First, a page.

A Richmond liquor store operator is asking the Kentucky Alcoholic Beverage Control Board to hold a hearing into whether applications for Corbin’s three package liquor stores contained irregularities that could imperil the town’s local package store licenses.
C. Wesley Morgan, owner of Liquor World stores in Richmond and Manchester, filed the request for a hearing through the Kentucky Department for Alcoholic Beverage Control last Friday. The move comes nearly three months after Morgan was formally notified he wouldn’t be receiving one of three retail package liquor licenses allotted to Corbin. City voters approved a ballot initiative in February that allowed for the expanded sale of alcohol. The number of package store licenses issued is based on population.
In the letter submitted to the ABC requesting the hearing, Morgan’s attorney Daniel W. Redding claims that licenses should not be issued to owners of either Liquor Mart, Liquor King or Ernie’s Spirits because of procedural deficiencies in their initial applications seeking retail package store licenses. The letter is accompanied by a lengthy affidavit by Morgan.
In an interview Monday, Morgan said he believes he was squeezed out of the Corbin market through political maneuvering and competitive jostling with his main rival, Liquor Mart, that led to blatant disregard of the rules regarding the application process.
Morgan was one of 12 applicants for a package store license in Corbin. He planned to build an 11,200 square foot Liquor World store in south Corbin on property currently occupied by S&H Towing and Repair.
"Their main objective was to keep me out," Morgan said. "Not only did they use political influence to get a license … but they used it to not get me one."
Specifically, Morgan claims Liquor Mart should be not have been given a license because its owners did not fully and properly disclose "other entities in which they had an interest," and didn’t submit a property lease that included the name of all the individuals and entities who had ownership in the store.
Liquor Mart is located on U.S. 25E in the old Dairy Queen building near the Trademart Shopping Center. It opened last Friday. It is owned by Jack Taylor, Frank Shoop and Derrick Sears. Only the name of Jack Taylor and his wife, Jill, appeared on the lease provided to the ABC. The lease did specify that that location would be used for a liquor store.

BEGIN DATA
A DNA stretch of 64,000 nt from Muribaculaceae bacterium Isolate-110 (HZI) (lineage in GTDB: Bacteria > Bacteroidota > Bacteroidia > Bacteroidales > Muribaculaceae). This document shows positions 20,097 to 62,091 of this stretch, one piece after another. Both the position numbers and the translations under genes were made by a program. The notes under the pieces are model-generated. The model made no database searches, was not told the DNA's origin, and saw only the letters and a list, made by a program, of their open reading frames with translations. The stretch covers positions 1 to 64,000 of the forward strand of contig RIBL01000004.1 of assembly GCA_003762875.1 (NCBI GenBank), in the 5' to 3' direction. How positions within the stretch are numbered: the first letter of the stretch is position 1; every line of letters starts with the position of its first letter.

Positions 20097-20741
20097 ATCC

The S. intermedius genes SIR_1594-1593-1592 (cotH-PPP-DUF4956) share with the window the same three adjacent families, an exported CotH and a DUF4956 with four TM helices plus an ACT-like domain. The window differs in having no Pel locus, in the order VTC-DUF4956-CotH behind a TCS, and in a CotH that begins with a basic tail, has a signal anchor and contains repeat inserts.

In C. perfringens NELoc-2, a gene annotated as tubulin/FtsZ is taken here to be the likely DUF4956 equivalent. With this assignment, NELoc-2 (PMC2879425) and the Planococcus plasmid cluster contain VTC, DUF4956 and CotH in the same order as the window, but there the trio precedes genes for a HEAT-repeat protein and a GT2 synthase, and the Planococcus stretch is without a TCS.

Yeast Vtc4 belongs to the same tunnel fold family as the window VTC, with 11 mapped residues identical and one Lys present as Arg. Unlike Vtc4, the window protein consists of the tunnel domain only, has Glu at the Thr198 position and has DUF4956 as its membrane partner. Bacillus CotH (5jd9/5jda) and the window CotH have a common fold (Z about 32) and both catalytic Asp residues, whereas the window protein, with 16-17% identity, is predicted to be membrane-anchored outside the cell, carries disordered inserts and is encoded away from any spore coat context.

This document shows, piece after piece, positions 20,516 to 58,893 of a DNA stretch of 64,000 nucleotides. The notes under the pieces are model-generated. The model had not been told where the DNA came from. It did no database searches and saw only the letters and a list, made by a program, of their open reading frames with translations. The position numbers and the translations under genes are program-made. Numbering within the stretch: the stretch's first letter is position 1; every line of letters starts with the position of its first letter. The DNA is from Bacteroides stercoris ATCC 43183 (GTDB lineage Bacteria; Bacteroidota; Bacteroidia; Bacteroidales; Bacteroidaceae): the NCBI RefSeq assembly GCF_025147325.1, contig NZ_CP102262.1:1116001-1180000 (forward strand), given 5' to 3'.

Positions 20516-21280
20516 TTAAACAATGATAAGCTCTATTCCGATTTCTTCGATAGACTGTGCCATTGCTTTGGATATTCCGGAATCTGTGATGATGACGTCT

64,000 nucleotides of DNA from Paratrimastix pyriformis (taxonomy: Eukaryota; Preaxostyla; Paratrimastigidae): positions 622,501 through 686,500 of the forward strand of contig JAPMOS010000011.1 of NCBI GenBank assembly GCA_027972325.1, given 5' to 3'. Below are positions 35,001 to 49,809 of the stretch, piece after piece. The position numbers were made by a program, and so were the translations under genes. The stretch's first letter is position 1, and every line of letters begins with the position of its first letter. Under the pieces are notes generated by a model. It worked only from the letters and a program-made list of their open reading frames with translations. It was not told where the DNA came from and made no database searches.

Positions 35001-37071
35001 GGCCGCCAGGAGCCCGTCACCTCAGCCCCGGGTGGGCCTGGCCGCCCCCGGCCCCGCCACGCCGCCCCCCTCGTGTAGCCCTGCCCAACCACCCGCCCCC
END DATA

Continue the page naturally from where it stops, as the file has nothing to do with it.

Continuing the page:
Since the store is already open, Morgan admitted it would likely be difficult to convince the ABC to revoke or suspend Liquor Mart’s license.
Morgan’s biggest bone of contention, however, is against Ernie’s Spirits, a yet-to-be-constructed 5,000-square-foot liquor store planned for south Corbin just behind Applebee’s on Cumberland Falls Hwy. He claims the owners of Ernie’s, Kevin Durham and his father Ernie Durham, had numerous problems with their application for a license including: a "fraudulent lease in violation of statutory requirements," and failure to advertise their intent to seek a liquor license in the local newspaper of record before the end of a 30-day window that was allotted to do so.
The lease for the property is between the Durham’s and a property holding company they created in August called Matuse Property Holdings, LLC. The lease itself was created in May but is not set to take effect until construction of the liquor store is complete.
Morgan argues the lease can’t be valid because Matuse didn’t even exist when the lease agreement was created, and the Durham’s could not have made such an arrangement since they did not yet own the land.
In an interview with the News Journal, Kevin Durham said Tuesday that he plans to complete purchase of the property this week. Local business owner David Myers, a member of the investment group RJV Properties that owns the property, confirmed that closing on the 1.1 acre parcel is set for today.
"They have been very honest to deal with and have done everything they said they were going to do. They put up good faith money and everything," Myers said.